The pandemic allowed Been Stellar to find their own angle in a previously stifling scene. “Up until lockdown, the city had been a very distracting place,” says Slocum. “When the pandemic happened there weren’t [any] live opportunities, so we were able to discover what made us feel true to ourselves.” Wayans chimes in: “We grew up and moved out into the world. We expanded our horizons as we matured as people, and we started to look outside our box.”

The band point to ‘Ohm’, the closer of their forthcoming self-titled EP, as the clearest depiction of that long, strange summer of 2020 when The Big Apple lost its core. The melancholic ballad, which brings to mind the soul-striking beauty of Slowdive and bdrmm, breaks out into thrilling poetry while shimmering guitars beam out: “A line forms outside of Katz’s / Tourists snake around the bend / A man shakes a cup rhythmically / My wandering eyes blink again and again.


“Once you actually live in NYC, especially during the pandemic when none of that glamour is there and you actually see it for what it is, that’s when we actually had something to say about New York,” explains St. Marx. “We saw the fallout of the pandemic, and all the businesses closing, the homelessness and the whole social crisis. That all had a big impact on us and made us feel things differently, and I think that’s where the music came from.”

Been Stellar also attribute that renewed creative drive to the helping hand they received from some more recent guitar-wielding success stories of the New York scene. Sardonic post-punks Bodega offered them a spot in their rehearsal space early on in the pandemic, before they eventually inherited an apartment and rehearsal space in Bushwick (where half of the band relocated in search of cheaper rent) from cult Brooklyn rockers The Britanys. Slocum says the influence and support of these bands can’t be overlooked.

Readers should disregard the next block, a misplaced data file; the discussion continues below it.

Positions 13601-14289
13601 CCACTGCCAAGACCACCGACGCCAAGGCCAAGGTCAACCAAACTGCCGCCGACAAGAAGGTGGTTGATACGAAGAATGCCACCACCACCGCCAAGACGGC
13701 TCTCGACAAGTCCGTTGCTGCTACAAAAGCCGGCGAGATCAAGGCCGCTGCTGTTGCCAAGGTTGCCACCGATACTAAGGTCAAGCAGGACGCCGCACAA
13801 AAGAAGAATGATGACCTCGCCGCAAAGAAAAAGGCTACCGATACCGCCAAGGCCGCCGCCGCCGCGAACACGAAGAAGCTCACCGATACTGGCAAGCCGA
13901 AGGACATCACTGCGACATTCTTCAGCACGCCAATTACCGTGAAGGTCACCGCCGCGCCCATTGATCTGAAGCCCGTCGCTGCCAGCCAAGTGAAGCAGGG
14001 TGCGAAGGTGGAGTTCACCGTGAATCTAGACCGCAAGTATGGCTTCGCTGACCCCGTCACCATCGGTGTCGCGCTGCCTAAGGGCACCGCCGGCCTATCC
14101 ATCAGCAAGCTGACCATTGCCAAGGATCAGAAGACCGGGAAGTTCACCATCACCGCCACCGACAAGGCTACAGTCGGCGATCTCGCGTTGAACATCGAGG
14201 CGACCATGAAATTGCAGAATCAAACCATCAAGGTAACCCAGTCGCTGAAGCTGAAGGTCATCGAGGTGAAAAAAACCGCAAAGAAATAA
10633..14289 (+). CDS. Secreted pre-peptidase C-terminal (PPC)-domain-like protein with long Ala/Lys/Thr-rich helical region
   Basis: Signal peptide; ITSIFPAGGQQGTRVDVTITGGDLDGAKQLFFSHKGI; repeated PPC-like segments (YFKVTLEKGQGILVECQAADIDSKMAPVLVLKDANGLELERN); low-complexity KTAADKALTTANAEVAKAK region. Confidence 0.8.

Been Stellar
Been Stellar (Picture: Naz Kawakami / Press)

“Sharing a space with artists so sure of what they want to do really shaped us,” the frontman says. “These days we’re way more inspired by those bands than the New York bands everybody always thinks of. Because we’re in [The Britanys’] old apartment, we still find their old stuff: I found a dirty t-shirt and wore it out on our last tour. They gave us our first New York show outside of NYU, which was a huge deal. We weren’t even 21 yet, and it was our first step out of the college scene.”

Not only have Been Stellar been able to step out of their college scene since the pandemic, they’ve burst out of the US altogether by signing to the blossoming UK label So Young Records (Lime Garden, VLURE) and Rough Trade Publishing. They’ve also played a run of shows on British soil in support of The Goa Express alongside three showcases at The Great Escape.

“The moment the plane landed in the UK and we got to see London for the first time was really surreal, because I’ve been daydreaming about it for so long,” says St. Marx. “We rented out this rehearsal space in Brixton, and we drove by The Windmill [a rite-of-passage venue for any emerging name worth their salt on the indie scene in recent years] and were like, ‘Woah! There it is!’. It was all of the stuff we’ve been dreaming about. It’s also logistically crazy: we didn’t have a tour manager so I had to drive a van on the other side of the road!”

With a UK headline tour this month stopping in Glasgow, London and Manchester in support of their self-titled EP, the band are hoping to share driving duties this time so they can soak it all in.

“We still don’t have the budget for [a tour manager], but we’re all going to pitch in this time,” St. Marx adds. “What we’re doing now is what we’ve always wanted: to exist as musicians, and travel to interesting places and meet interesting people. If we never get any further along the line than this, then I would still be so happy. We’re so lucky.”

Been Stellar’s ‘My Honesty’ is out now. They tour the UK through July